The keto diet, also known as the ketogenic diet, is a high-fat, low-carbohydrate diet.
Along with its association with a century-old therapeutic seizure treatment, Dr Atkins uses the word “K” to describe his low-carb, high-fat nutritional approach, leading some to refer to the ketogenic diet as “extreme” label diet.
What if you eat enough food?
If you’ve ever used a calculator to determine your calorie needs, you’ll notice that your body uses a lot of calories. It is true that our body uses most of the nutrients we eat to sustain itself on a daily basis. If you eat enough, your body won’t need the extra glucose.
Two main things happen to glucose if your body doesn’t need it:
- Glycogenesis: Excess glucose will be converted to glycogen, and stored in the liver and muscles. Estimates suggest that only half of your daily energy can be stored as glycogen.
- Lipogenesis: If you already have enough glycogen in your muscles and liver, any excess glucose will be converted to fat and stored.
What if you don’t have much glucose or glycogen in your body?
When your body does not have access to food, such as when you are sleeping, the body burns fat and makes molecules called ketones. This is what happens on the ketogenic diet – we burn fat for energy. We can thank our body’s ability to alter metabolic pathways for that.
These ketones (acetoacetate) are created when the body breaks down fats, forms fatty acids, and is burned in the liver in a process called beta-oxidation. The end result of this process is the formation of 2 other ketones (BHB and acetone), which are used as fuel by the muscles and brain.
Although glucose is the main source of fuel for most people, these fatty acids (BHB and acetone) are used by brain cells when carbohydrate or food intake is low. In simple words, since you don’t have much glucose or glycogen, ketosis is triggered, and your body will use your stored/consumed fat as energy.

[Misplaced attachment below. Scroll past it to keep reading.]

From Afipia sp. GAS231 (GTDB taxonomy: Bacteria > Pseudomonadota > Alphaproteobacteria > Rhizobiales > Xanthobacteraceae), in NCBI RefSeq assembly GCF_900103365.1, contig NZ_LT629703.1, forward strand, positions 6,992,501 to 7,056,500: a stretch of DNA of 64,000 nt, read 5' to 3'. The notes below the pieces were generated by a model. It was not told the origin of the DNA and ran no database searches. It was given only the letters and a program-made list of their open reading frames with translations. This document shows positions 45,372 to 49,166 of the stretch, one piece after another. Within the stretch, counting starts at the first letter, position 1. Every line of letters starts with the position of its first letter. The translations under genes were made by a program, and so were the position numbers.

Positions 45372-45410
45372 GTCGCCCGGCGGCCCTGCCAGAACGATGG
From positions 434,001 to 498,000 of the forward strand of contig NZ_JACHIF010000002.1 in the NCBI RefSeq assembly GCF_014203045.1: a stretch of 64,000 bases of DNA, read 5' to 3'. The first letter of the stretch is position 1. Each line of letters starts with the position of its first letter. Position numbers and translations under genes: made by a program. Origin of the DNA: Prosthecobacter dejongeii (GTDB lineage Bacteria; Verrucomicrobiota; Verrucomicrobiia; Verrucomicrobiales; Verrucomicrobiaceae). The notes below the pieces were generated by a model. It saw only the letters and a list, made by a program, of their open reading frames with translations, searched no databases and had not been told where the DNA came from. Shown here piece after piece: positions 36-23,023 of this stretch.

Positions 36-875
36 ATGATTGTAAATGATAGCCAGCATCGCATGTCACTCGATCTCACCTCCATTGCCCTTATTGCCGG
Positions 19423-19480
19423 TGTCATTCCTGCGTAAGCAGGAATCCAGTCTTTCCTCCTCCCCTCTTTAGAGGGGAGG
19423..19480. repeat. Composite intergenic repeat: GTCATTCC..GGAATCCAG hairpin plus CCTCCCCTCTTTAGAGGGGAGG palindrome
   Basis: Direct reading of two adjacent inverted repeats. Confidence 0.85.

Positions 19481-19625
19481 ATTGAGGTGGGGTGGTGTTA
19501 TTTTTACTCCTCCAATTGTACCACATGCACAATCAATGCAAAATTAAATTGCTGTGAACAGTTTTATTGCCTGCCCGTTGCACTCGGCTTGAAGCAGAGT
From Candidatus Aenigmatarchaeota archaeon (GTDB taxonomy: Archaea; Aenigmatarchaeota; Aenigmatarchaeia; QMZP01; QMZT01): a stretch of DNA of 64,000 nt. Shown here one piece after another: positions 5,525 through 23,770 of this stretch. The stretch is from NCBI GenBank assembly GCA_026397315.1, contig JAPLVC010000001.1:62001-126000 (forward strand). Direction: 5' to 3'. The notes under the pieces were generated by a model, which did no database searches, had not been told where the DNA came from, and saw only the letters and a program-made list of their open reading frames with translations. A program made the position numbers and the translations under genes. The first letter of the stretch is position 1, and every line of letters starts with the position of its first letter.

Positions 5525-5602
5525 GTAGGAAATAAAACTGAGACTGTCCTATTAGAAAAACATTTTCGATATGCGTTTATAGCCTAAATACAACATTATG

Ketosis is pretty amazing, and in fact, it’s getting even better. Studies show that the body and brain actually prefer to use ketones, which are able to run up to 70% more efficiently than glucose. From an evolutionary standpoint, this makes perfect sense.
How it works?
When fat is broken down by your liver, molecules of glycerol and fatty acids are released. Fatty acids are even broken down, in a process called ketogenesis, and ketone bodies called acetoacetate are produced.
Acetoacetate is then converted into 2 types of ketone bodies:
- Beta-hydroxybutyrate (BHB) – After being keto-adapted for some time, the muscles will convert acetoacetate to BHB as it is preferred by the brain for fuel.
- Acetone – can sometimes be metabolized to glucose, but is mostly excreted as waste. This gives off the distinctive bad breath that most ketogenic dieters are aware of.
Over time, the body will expel fewer ketone bodies, and you may find that ketosis is slowing down. It’s not, because the brain is burning BHB as fuel, and your body is trying to deliver as efficient energy to the brain as possible.
Benefits of Keto diet
- Cholesterol: Keto diet improves triglyceride levels and cholesterol levels, which are associated with the formation of arteries.
- Weight loss: Since your body is burning fat as its main source of energy, you will essentially be using your fat stores as an energy source in a fasted state. 4 5
- Diabetes and pre-diabetes: Type 2 diabetes responds well to the keto diet because of its insulin-lowering effect. Several studies show a reduction in LDL cholesterol over time and has been shown to eliminate diseases such as type 2 diabetes. 6 7
- Heart disease and metabolic syndrome: Studies have shown that heart disease and metabolic syndrome are significantly improved on the keto diet. 7
- Alzheimer’s, Parkinson’s and dementia: Alzheimer’s, Parkinson’s and dementia have all been shown to get better on a low-carb, moderate-protein, high-fat diet. 8
- Schizophrenia and Bipolar Disorder: Schizophrenia, bipolar disorder, and other mental illnesses are treated with ketones. 9
- Narcolepsy: Narcolepsy and other sleep disorders show modest improvement in people with ketosis.
- PCOS: Women with PCOS see improvement when they start eating a low-carb, high-fat diet.
- IBS: IBS can be virtually eliminated through strategic use of the keto diet.
- GERD and heartburn: GERD and heartburn are no longer a problem when you eliminate carbohydrate-based foods that increase stomach acid. 10
- Cancer: The keto diet approach is the most effective dietary treatment for any and all types of cancer and other immunological diseases. 11
- Energy: By giving the body a better and more reliable energy source, you will feel more energized during the day. Fat has been shown to be the most effective molecule to burn as fuel.
- Acne: Recent studies have shown that there is a reduction in acne lesions and skin inflammation in 12 weeks. 12
Foods to eat and avoid keto diet
In the standard keto diet, the macronutrient requirements are as follows:
- 75% fat
- 20% protein
- 5% carbohydrates